The biggest flaw in Van Helsing — apart from the feeble plot, the terrible acting, and the dialogue apparently written by a cumquat — is the fact that no effort at all seems to have put in by the director/writer, Stephen Sommers. The movie just bounces from cliché to cliché without ever really trying anything original — and everything in the movie happens multiple times without actually changing, which seems to be a ploy to fill out the promised two hours of footage. A good 80% of the screentime, for example, seems to be devoted to people falling into chasms, off bridges, over clifftops, off the roofs of various buildings, and so on: not giving anything new or interesting each time, just ‘oh look, someone's fallen off something again’. And when they're not falling, they're swinging — off a rope, or a chandelier, or a chain, or a vine, or something. Honestly, it shouldn't be called Van Helsing, it should be called Swingy McFall. Yeesh.

When Sommers isn't ripping off himself, he's ripping off other people. I lost count of the number of other films that were hijacked from wholesale. I'm sure Sommers would call it an homage, but the films he steals from seem so odd that it seems unlikely. I mean, there's one bit that's a total ripoff of The Lion King (1994). Why? And why do some of the bad guys look exactly like the Tusken Raiders from Star Wars (1977)? There's no reason for that, unless Sommers was running over budget and found some old Tusken Raider costumes at George Lucas's garage sale or something.

Special mention, by the way, has to go to the three banshee-like female vampire creatures who torment Van Helsing and the lovely whatever-the-hell-Beckinsale's-character's-called. These things are just… awful. I don't know what else to say. They're these totally stereotypical shoddily-accented (more on that later) women in body-stockings who spend the whole movie snarling, and doing some sort of weird writhing usually associated with either being in pain, or with being Kate Bush. They're the most clichéd second-rate supporting characters I think I've ever seen in a movie, and get approximately seventy-eight billion percent more screentime than they ought to.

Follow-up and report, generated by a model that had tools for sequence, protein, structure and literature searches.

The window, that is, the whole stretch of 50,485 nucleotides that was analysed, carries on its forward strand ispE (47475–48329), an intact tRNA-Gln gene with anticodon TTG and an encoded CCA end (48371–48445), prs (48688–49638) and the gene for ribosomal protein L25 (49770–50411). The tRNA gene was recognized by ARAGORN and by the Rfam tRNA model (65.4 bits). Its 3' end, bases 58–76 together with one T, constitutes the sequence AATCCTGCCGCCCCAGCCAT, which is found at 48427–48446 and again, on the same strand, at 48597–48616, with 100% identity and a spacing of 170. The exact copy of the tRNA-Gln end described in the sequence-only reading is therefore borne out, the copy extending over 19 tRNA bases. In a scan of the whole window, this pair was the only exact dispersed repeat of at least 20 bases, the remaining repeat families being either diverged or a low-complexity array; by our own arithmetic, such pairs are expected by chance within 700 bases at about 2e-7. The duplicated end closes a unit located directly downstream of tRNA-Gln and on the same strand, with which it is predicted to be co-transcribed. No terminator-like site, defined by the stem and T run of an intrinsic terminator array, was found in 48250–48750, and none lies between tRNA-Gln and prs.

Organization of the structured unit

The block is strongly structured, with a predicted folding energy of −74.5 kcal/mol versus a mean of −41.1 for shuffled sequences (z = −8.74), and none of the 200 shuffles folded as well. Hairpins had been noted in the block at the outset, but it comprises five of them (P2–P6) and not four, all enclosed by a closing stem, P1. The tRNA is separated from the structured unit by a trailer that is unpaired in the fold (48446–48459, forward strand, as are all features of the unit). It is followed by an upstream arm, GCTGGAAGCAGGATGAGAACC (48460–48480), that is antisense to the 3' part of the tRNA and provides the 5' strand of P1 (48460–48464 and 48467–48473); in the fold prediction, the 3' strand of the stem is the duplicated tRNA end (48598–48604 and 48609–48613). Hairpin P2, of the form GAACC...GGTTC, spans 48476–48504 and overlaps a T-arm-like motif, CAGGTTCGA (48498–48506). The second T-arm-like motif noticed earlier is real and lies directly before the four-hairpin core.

To be fair, there is one great thing about Van Helsing: David Wenham. Carl the monk, who is forced to accompany Van Helsing on his Dracula-hunting mission, is one of the finest pure comic relief characters I've seen a long time, and has pretty much the only good lines in the movie. He provides a sort of farcical counterpoint to the ridiculous importance the rest of the movie seems to give itself, and he really is very funny. The closest comparison I can think of is to Porky Pig's Friar Tuck in the old Merrie Melodies cartoon Robin Hood Daffy. Wenham's presence alone probably accounts for two of the points-out-of-ten I'm giving this movie (and that's saying something).

Apart from Wenham, there's really not much to entertain in Van Helsing, unless you like your action exceptionally mindless. About the only amusement I could find was incidental — like trying to work out how horse-drawn carriages keep mysteriously exploding when they crash (LPG cylinders not being, as I recall, very prevalent in the 19th century), and whether or not the actors in this movie amused themselves on set by trying to have a ‘Least Convincing Transylvanian Accent’ competition and, if so, who won.

(Beckinsale. Just.)

mino gives this movie 3 out of 10.
Review created on Thu 1 Jul 2004

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Reader comments

  1. David did an excellent job as the side kick in this movie. His character never got left behind. Overall I really enjoyed it!

    Rating given: 6

    A comment from Rebekah on Sat 30 Oct 2004 14:05 #

Those who have commented give this movie: 6.00 (1 rating)